Location

Olympic Valley — Lake Tahoe, California

Date

28-6-2011

Session

Session 2 – Lectures Fatigue & Impairment

Abstract

Driving simulators provide precise information on vehicular position at high capture rates. To analyze such data, we have previously proposed a time series model that reduces lateral position data into several parameters for measuring lateral control, and have shown that these parameters can detect differences between neurologically impaired and healthy drivers (Dawson et al, 2010a). In this paper, we focus on the “re-centering” parameter of this model, and test whether the parameter estimates are associated with off-road neuropsychological tests and/or with on-road safety errors. We assessed such correlations in 127 neurologically healthy drivers, ages 40 to 89. We found that our re-centering parameter had significant correlations with five neuropsychological tests: Judgment of Line Orientation (r = 0.38), Block Design (r = 0.27), Contrast Sensitivity (r = 0.31), Near Visual Acuity (r = -0.26), and Grooved Pegboard (r = -0.25). We also found that our re-centering parameter was associated with on-road safety errors at stop signs (r = -0.34) and on-road safety errors during turns (r = -0.22). These results suggest that our re-centering parameter may be a useful tool for measuring and monitoring ability to maintain vehicular lateral control. As GPS-based technology continues to improve in precision and reliability to measure vehicular positioning, our time-series model may potentially be applied as an automated index of driver performance in real world settings that is sensitive to cognitive decline. This work was supported by NIH/NIA awards AG17177, AG15071, and NS044930, and by a scholarship from Nissan Motor Company.

Rights

Copyright © 2011 the author(s)

DC Citation

Proceedings of the Sixth International Driving Symposium on Human Factors in Driver Assessment, Training and Vehicle Design, June 27-30, 2011, Olympic Valley — Lake Tahoe, California. Iowa City, IA: Public Policy Center, University of Iowa, 2011: 46-51.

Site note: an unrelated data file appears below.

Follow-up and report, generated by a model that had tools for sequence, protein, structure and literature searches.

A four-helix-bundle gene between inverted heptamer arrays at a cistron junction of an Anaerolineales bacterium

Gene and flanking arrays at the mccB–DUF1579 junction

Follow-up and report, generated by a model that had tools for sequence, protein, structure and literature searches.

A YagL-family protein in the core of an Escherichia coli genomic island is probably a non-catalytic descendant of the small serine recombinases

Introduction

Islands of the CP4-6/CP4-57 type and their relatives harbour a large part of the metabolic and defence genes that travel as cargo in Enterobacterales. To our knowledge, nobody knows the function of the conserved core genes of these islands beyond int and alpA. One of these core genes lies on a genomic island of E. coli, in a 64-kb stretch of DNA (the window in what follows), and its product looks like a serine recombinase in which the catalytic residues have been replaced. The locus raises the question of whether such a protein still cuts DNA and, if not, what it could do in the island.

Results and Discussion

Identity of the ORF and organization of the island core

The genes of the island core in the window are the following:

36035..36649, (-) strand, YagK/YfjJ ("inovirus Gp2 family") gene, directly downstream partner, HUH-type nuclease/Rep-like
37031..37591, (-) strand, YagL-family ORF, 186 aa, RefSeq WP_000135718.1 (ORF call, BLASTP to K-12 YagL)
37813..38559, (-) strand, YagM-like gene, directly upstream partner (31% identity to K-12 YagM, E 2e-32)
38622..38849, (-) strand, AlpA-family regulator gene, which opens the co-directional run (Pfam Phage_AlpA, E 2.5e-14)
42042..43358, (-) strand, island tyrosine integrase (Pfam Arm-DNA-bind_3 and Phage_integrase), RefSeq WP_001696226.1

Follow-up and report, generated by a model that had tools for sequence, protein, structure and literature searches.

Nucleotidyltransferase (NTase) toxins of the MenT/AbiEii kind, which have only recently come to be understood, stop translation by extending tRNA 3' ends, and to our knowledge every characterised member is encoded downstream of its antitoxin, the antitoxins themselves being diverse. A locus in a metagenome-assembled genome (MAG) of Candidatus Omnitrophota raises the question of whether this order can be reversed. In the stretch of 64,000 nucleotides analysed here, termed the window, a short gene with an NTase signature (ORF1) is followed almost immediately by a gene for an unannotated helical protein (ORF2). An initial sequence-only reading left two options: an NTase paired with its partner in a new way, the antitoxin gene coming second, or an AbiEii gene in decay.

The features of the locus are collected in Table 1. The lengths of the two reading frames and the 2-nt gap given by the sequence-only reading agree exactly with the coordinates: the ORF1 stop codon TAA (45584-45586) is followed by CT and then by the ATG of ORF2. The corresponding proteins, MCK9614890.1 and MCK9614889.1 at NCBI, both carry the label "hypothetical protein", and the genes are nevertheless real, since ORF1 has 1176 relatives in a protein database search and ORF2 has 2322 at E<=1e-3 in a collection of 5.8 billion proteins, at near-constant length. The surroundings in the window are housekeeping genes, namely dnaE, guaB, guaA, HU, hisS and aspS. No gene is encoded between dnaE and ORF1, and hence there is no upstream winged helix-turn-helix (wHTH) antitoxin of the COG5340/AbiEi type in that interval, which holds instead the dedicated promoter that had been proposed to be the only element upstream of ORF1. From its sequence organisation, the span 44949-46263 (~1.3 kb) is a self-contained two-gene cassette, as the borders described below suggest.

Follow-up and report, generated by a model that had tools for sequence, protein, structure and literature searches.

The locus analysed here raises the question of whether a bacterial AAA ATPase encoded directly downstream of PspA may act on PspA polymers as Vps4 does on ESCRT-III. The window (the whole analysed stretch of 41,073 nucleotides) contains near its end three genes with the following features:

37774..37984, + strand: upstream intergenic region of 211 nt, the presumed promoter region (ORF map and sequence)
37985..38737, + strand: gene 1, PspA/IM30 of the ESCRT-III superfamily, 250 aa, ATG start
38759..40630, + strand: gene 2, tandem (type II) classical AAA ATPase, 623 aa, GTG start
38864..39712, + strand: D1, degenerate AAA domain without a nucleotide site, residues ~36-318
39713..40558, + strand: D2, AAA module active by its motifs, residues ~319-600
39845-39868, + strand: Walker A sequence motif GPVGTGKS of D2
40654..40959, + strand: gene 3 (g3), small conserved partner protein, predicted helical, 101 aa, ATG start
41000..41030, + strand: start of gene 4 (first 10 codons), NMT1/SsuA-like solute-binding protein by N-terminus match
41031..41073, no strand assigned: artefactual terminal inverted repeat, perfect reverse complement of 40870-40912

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Jun 28th, 12:00 AM

Lateral Control in a Driving Simulator: Correlations with Neuropsychological 
Tests and On-Road Safety Errors

Olympic Valley — Lake Tahoe, California

Driving simulators provide precise information on vehicular position at high capture rates. To analyze such data, we have previously proposed a time series model that reduces lateral position data into several parameters for measuring lateral control, and have shown that these parameters can detect differences between neurologically impaired and healthy drivers (Dawson et al, 2010a). In this paper, we focus on the “re-centering” parameter of this model, and test whether the parameter estimates are associated with off-road neuropsychological tests and/or with on-road safety errors. We assessed such correlations in 127 neurologically healthy drivers, ages 40 to 89. We found that our re-centering parameter had significant correlations with five neuropsychological tests: Judgment of Line Orientation (r = 0.38), Block Design (r = 0.27), Contrast Sensitivity (r = 0.31), Near Visual Acuity (r = -0.26), and Grooved Pegboard (r = -0.25). We also found that our re-centering parameter was associated with on-road safety errors at stop signs (r = -0.34) and on-road safety errors during turns (r = -0.22). These results suggest that our re-centering parameter may be a useful tool for measuring and monitoring ability to maintain vehicular lateral control. As GPS-based technology continues to improve in precision and reliability to measure vehicular positioning, our time-series model may potentially be applied as an automated index of driver performance in real world settings that is sensitive to cognitive decline. This work was supported by NIH/NIA awards AG17177, AG15071, and NS044930, and by a scholarship from Nissan Motor Company.